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Florida Governor, Legislature Must Curtail Use of ‘Chemical Restraints’ on Foster Children

“It seems to be a prerequisite for foster children to be on medication.”

These words were spoken by the adoptive father of two 12-year Florida girls. And the reality he spoke of just shouldn’t be the case.

As Florida Gov. Charlie Crist was barnstorming the state discussing Florida’s successes in fostering adoptions, Mirko Ceska was telling the governor about the continued prevalence of psychotropic drugs in the lives of foster kids and others in the state’s care. Read the Miami Herald article here.

Powerful psychotropic should not be used as “chemical restraints” for minor foster children. But such use is widespread instead of behavioral approaches designed to address the real losses in their lives.

Since the death of 7-year-old foster child Gabriel Myers, and the passing two years earlier of 12-year-old Denis Martez – both of whom died after being given a “cocktail” of power psychiatric medications, the Florida Department of Children and Families is making headway in its moves to curtail such use.

The state must do more.

Activists statewide have expressed widespread support of two proposals coming from the Florida Legislature. If passed, they would require:

1.    Foster children or those children in the state’s care who are prescribed psychiatric or psychotropic medications to have legal counsel appointed to represent their interests before the courts. And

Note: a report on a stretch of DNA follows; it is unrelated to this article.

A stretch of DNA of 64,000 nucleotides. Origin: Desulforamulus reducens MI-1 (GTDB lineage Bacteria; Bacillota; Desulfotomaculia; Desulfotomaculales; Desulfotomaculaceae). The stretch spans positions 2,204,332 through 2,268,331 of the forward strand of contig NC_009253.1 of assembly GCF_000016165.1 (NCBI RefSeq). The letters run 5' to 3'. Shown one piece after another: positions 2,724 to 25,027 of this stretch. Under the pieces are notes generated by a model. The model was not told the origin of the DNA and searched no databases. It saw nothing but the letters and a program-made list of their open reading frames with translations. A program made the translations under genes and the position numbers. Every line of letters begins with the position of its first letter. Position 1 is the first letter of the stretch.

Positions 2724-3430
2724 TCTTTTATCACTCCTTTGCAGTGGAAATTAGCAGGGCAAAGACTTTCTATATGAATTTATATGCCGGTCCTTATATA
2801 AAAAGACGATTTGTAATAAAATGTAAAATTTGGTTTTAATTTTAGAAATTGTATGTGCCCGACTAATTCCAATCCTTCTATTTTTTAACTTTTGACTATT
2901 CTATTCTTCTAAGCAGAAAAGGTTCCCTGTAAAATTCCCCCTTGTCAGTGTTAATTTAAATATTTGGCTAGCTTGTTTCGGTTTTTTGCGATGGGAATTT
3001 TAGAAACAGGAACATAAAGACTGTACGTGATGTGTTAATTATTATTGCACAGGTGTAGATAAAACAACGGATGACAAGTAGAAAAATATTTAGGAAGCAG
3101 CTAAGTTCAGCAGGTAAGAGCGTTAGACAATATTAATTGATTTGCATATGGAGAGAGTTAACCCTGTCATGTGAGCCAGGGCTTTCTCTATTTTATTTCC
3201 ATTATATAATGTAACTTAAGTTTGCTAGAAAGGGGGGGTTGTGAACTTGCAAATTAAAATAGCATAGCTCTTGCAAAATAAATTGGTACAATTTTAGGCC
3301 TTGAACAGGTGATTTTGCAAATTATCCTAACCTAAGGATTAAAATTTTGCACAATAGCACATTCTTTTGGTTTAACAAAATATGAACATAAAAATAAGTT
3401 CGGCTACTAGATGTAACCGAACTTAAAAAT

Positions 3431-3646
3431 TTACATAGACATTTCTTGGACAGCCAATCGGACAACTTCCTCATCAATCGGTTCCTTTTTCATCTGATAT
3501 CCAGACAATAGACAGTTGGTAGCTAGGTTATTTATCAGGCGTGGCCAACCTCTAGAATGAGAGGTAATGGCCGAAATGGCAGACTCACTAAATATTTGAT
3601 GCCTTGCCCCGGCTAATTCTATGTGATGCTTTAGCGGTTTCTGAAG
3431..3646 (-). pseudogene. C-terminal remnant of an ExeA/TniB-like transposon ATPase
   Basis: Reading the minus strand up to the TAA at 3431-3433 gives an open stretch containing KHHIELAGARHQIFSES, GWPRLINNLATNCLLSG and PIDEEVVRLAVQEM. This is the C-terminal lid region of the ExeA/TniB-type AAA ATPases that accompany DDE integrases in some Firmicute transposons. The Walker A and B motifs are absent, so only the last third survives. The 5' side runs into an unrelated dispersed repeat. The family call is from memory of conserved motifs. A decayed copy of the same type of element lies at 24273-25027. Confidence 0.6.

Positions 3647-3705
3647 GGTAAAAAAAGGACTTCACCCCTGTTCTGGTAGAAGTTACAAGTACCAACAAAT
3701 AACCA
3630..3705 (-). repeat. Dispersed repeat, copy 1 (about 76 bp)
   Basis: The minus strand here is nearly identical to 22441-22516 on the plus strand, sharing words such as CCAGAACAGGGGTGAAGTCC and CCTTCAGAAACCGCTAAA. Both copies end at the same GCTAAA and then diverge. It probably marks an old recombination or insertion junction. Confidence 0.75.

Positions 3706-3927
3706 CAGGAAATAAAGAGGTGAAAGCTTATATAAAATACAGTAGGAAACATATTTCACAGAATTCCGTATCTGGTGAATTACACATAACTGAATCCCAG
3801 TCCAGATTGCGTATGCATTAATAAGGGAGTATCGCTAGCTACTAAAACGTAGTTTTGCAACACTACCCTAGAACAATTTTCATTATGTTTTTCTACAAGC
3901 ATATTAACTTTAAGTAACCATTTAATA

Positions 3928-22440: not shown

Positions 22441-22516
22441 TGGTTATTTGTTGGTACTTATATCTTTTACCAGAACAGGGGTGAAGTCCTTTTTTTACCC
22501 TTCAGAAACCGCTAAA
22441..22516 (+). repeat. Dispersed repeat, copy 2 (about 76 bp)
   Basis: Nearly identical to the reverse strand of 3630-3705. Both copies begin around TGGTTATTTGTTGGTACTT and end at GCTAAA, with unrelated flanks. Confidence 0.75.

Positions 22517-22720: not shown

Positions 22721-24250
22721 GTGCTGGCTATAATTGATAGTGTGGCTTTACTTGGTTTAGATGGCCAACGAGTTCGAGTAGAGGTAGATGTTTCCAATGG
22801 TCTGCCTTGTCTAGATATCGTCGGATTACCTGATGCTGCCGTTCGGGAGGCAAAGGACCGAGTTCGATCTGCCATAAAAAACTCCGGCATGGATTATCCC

2.    Physicians seeking to prescribe psychotropic drugs to children must first consider the subjective opinions of the children themselves. It’s not enough that the psychiatrists and medical doctors caring for these children already are required to understand each child’s psychiatric history. They must consider the children’s opinions – especially if a child believes he or she is being overmedicated – before prescribing or administering more drugs.

The reality is these are dangerous drugs. And the cases of Denis Martez and Gabriel Myers plainly show that many of these medical providers are little more than “mills” that conduct superficial medical reviews, and they tend to over-medicate the children without regard for existing medical conditions or medications in use – and without any consideration for the children’s needs, opinions or best interests.

This must change. The review ordered by Secretary George Sheldon of the DCF, and hopefully a similar review by the Agency for Persons with Disabilities, are just a start. Changing the regulations under which these providers operate to ensure children are represented and their medical cases are watched more closely, may ensure better outcomes.

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